At 37, Carter becomes the oldest player to hit a game-winning buzzer-beater in the postseason since Eddie Johnson in 1997. The Mavs sixth man has redefined himself in Dallas, something superstars often struggle to do late in their careers. But with the game on the line, he was prepared to face some painful déjà vu head on and change the script this time around.
Prior to Carter’s game-winner, though, he wasn’t the one that took over in the fourth quarter to keep San Antonio at bay. Ellis, who had a shaky first half, turned into a different player down the stretch. During the final twelve minutes, the shooting guard went 5-5 from the field and scored seven points in the final 1:37 of the game. Up to this point in the series, the Spurs don’t know how to handle Ellis coming off high pick-and-rolls, as his quick first step is too much for San Antonio’s guards to fight through.
Tony Parker (19 points, 6 assists, 2 steals) was one of those guards. As much of a positive impact Parker had on the offensive end of the floor, especially during the opening quarter in which he shot 6-8 from the field, he had just as much of a detrimental impact on the defensive end. Parker rarely pressured his man, allowing Ellis and Jose Calderon (16 points, 9 assists, 7-10 from the field) to orchestrate the offense how they want. Calderon especially took advantage of this, pulling up and hitting open midrange jumper after midrange jumper while still distributing the ball.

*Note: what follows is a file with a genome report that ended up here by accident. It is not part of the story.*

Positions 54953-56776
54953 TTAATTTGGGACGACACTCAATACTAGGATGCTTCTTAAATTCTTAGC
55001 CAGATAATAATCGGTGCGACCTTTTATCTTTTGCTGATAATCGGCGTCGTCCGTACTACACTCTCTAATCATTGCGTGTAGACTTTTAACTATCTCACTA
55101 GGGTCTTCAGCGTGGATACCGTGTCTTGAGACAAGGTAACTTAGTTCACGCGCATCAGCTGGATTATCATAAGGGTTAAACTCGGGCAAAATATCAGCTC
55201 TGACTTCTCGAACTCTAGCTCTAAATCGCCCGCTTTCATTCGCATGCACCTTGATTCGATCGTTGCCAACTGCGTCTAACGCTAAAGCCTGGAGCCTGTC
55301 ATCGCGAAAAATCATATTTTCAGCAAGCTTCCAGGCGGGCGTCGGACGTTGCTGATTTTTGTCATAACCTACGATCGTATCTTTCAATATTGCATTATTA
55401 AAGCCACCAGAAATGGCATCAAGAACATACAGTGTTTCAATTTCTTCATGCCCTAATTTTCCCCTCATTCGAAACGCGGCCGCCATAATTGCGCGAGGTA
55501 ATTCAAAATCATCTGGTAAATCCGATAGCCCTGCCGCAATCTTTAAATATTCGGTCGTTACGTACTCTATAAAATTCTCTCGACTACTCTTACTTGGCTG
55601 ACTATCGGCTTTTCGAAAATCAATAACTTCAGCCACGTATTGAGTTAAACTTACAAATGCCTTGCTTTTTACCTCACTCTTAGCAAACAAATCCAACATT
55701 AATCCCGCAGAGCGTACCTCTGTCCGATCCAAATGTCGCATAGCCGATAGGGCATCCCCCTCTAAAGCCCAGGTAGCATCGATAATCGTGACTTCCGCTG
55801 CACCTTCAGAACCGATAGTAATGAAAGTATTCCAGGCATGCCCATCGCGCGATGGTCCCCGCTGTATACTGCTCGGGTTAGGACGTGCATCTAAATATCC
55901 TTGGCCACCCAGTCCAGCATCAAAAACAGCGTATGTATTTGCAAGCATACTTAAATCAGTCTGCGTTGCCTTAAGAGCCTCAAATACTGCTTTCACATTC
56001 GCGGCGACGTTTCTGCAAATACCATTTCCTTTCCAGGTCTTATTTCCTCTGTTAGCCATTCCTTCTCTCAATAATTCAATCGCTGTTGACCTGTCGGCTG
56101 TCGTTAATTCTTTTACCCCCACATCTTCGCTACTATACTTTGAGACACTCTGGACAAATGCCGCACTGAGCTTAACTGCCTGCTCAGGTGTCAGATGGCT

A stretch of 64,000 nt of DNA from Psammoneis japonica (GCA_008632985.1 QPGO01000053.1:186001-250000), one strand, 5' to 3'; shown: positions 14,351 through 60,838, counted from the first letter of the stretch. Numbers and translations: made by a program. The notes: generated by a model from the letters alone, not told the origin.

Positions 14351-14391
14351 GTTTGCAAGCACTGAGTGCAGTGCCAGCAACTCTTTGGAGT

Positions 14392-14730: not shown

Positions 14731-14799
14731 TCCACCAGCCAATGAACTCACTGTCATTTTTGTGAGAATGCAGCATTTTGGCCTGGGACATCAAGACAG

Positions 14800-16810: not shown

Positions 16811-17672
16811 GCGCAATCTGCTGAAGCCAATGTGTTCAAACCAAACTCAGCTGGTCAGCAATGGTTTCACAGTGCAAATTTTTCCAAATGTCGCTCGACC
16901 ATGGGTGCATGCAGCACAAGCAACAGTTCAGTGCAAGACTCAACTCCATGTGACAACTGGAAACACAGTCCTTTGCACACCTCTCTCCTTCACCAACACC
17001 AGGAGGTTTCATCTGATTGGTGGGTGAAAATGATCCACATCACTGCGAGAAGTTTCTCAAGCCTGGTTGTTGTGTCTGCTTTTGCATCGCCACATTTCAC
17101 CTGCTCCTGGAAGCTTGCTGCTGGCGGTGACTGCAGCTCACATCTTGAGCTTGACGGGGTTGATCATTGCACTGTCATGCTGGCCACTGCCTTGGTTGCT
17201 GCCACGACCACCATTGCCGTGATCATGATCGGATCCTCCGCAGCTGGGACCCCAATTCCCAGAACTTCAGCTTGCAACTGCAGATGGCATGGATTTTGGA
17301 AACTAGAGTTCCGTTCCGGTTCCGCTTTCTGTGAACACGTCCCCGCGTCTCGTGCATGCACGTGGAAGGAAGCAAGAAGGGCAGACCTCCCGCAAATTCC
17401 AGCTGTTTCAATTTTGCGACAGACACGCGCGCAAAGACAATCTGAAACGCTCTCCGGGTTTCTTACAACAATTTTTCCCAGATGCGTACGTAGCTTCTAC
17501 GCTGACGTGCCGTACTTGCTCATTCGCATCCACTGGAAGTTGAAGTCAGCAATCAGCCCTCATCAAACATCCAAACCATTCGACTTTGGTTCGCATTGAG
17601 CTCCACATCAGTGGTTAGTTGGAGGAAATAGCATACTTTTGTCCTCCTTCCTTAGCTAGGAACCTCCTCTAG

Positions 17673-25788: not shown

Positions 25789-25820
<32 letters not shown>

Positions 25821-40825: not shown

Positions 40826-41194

Tim Duncan (22 points, 5 rebounds, 3 blocks) had a solid game, especially during the opening quarter. The Spurs fed him the ball on the block early and he rewarded them for doing so. He was, though, an uncharacteristic -16 during his time on the floor.
Being a problem in the first two games, the Spurs role players finally decided to come somewhat alive. Both Boris Diaw (7 points, 3 assists) and Marco Belinelli (7 points) hit 3-pointers early on while Kawhi Leonard (17 points, 5 rebounds, 5 steals, 7-8 from the field) let his defense be the catalyst for his offense. After Tiago Splitter (14 points, 13 rebounds) made a reverse layup off a Diaw pass early in the second quarter, San Antonio led 40-31—their largest lead of the game. But with strong play from Ellis and back-to-back 3-pointers from Shawn Marion (9 points, 6 rebounds, 5 blocks), Dallas responded by going on a 28-14 run and taking a 59-54 lead into halftime.